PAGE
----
Tana French is the cool new kid on the crime-writing block. The professional actress, from Irish, American, Russian and Italian stock, now resident in Dublin, arrived with her much-lauded Debut, In the Woods, last year. A dark crime thriller springing from an intriguing premise— three children enter a forest to play and only one returns—the novel played as much with the witty yet flawed narrator Rob Ryan's emotions as with the reader's mind. It has been nominated for numerous awards, recently winning the Edgar Allan Poe prize for Best First Novel by an American Author, and has sold more than 88,000 copies.
Despite the accolades, French is bashful about her success. "It really hasn't sunk in at all" she says. "I'm almost glad that I went into this with so little clue, because if I had enough sense to be scared, I would've been terrified."
French's second book, The Likeness (Hodder, August), picks up from the first, but switches the narrative voice to Cassie Maddox, Ryan's one-time partner, who is dealing with the emotional fall-out of the events of In the Woods. It is not so much a sequel, but, French says: "I like writing about the crucial moments in someone's life that everything turns on. But there's a limit to how many of those any one person gets."
The premise for The Likeness doesn't disappoint: Detective Maddox arrives at a crime scene to discover that the victim is her doppelganger, and agrees to infiltrate the victim's life undercover. "I liked that image of the detective looking down at her own dead face," French says. "Usually you see the relationship between the detective and the killer or the killer and the victim, but you seldom see the relationship between detective and victim."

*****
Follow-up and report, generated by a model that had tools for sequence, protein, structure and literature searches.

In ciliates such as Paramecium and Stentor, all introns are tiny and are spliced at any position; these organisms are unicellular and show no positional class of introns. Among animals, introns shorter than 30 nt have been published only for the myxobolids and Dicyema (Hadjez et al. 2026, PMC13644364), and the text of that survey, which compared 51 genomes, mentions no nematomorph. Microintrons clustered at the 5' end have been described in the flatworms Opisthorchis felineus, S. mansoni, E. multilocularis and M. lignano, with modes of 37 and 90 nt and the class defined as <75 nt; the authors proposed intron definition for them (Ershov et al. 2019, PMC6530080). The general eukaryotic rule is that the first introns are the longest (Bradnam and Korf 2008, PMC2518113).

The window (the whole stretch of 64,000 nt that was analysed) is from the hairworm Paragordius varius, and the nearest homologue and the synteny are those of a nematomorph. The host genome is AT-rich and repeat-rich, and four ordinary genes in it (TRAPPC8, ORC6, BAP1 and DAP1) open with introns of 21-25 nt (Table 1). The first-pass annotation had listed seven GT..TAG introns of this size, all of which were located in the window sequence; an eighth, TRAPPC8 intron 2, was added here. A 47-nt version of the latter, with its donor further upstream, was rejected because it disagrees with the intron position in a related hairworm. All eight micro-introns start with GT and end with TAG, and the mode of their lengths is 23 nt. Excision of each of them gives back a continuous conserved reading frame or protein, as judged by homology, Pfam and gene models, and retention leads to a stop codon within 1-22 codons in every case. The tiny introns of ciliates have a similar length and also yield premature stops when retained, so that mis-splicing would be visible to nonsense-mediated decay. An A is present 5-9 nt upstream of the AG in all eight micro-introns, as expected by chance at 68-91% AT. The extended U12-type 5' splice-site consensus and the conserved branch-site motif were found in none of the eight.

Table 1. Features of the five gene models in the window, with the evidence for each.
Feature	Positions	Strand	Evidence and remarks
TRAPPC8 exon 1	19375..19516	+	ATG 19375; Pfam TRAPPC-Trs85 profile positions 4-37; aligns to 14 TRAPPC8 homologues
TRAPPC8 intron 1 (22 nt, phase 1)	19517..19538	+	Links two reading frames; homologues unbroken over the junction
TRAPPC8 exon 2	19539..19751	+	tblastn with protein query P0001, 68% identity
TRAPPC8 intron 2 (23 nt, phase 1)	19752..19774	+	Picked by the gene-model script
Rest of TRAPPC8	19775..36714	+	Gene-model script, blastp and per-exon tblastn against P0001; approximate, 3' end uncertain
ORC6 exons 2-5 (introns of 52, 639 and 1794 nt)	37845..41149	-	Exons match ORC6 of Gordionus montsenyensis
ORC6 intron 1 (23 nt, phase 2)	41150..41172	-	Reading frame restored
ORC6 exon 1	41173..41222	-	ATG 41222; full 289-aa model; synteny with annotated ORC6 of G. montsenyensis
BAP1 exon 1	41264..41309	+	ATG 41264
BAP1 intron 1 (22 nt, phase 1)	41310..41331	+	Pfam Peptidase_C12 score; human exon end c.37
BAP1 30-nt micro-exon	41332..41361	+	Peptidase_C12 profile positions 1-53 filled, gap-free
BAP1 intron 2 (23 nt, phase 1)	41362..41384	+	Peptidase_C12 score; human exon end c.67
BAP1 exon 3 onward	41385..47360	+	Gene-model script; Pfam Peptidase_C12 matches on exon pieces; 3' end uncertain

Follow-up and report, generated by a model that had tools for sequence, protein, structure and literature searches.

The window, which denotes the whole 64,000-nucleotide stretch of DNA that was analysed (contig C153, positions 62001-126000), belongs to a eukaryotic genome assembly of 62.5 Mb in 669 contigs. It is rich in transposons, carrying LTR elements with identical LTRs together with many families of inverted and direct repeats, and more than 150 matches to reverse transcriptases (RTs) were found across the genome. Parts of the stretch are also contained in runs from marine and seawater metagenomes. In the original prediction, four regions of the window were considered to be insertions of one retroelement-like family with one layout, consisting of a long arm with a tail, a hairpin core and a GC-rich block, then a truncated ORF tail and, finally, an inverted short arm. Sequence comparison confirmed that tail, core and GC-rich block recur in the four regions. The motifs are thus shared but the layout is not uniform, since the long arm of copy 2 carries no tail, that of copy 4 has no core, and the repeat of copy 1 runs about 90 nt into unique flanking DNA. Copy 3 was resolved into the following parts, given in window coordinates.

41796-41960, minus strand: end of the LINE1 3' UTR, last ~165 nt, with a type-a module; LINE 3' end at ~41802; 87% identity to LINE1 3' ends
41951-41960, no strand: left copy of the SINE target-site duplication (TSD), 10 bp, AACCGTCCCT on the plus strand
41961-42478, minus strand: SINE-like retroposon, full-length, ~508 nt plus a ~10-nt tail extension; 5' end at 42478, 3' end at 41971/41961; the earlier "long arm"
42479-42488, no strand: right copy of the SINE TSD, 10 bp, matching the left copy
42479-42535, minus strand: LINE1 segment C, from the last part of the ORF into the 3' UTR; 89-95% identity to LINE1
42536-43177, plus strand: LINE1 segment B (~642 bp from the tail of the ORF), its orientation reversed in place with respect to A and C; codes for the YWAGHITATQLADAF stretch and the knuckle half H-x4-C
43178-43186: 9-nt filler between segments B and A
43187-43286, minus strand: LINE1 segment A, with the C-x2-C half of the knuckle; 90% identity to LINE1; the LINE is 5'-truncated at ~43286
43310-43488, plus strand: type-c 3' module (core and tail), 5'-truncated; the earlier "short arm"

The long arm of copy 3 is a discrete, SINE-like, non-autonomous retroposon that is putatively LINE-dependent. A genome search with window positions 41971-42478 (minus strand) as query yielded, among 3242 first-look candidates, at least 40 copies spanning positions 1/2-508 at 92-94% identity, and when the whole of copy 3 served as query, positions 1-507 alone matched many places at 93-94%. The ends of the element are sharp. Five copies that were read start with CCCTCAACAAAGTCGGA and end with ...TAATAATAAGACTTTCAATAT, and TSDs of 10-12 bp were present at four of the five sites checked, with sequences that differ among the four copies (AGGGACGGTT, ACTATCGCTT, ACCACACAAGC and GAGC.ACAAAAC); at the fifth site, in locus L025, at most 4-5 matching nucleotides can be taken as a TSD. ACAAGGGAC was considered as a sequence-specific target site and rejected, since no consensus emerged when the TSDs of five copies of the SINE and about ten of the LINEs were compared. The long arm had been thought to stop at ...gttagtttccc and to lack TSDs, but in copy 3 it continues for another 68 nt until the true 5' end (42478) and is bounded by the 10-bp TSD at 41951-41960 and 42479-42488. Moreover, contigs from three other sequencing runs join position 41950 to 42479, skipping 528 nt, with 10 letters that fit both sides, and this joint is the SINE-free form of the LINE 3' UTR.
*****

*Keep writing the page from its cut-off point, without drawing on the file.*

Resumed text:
The book traces Maddox's conflicting emotions as she lives the victim's life at the centre of a close-knit and eccentric group of friends who inhabit a crumbling countryside mansion. The clues, red herrings and Maddox's turmoil are expertly interwoven.
French is self-deprecating when it comes to her skills as a writer. "I don't know what I'm doing when I start a book," she says. "It starts off looking like this horrific explosion in a dictionary. I have a premise and a narrator. I can't have a plot summary, because I don't know the characters well enough at that point to know what they would or wouldn';t do."
French believes her acting was great training: "It is a very natural progression, from creating a character and a world for an audience to creating one for a reader—it made sense to me. Writing crime was a natural choice. I love the shape of mystery," she explains. "It's so tight, and yet there's so much you can do with it. You can play with the parameters, turn things inside out, and I really enjoy that."
Having spent much of her life in different countries, including Ireland, Italy, the US and Malawi, French sets her novels in and around Dublin, where she settled in 1990. I believe in books having roots in a specific place," she says. It actually makes them more universal. Dublin is the only city I know in the kind of detail where I can tell you where to get a good pint."
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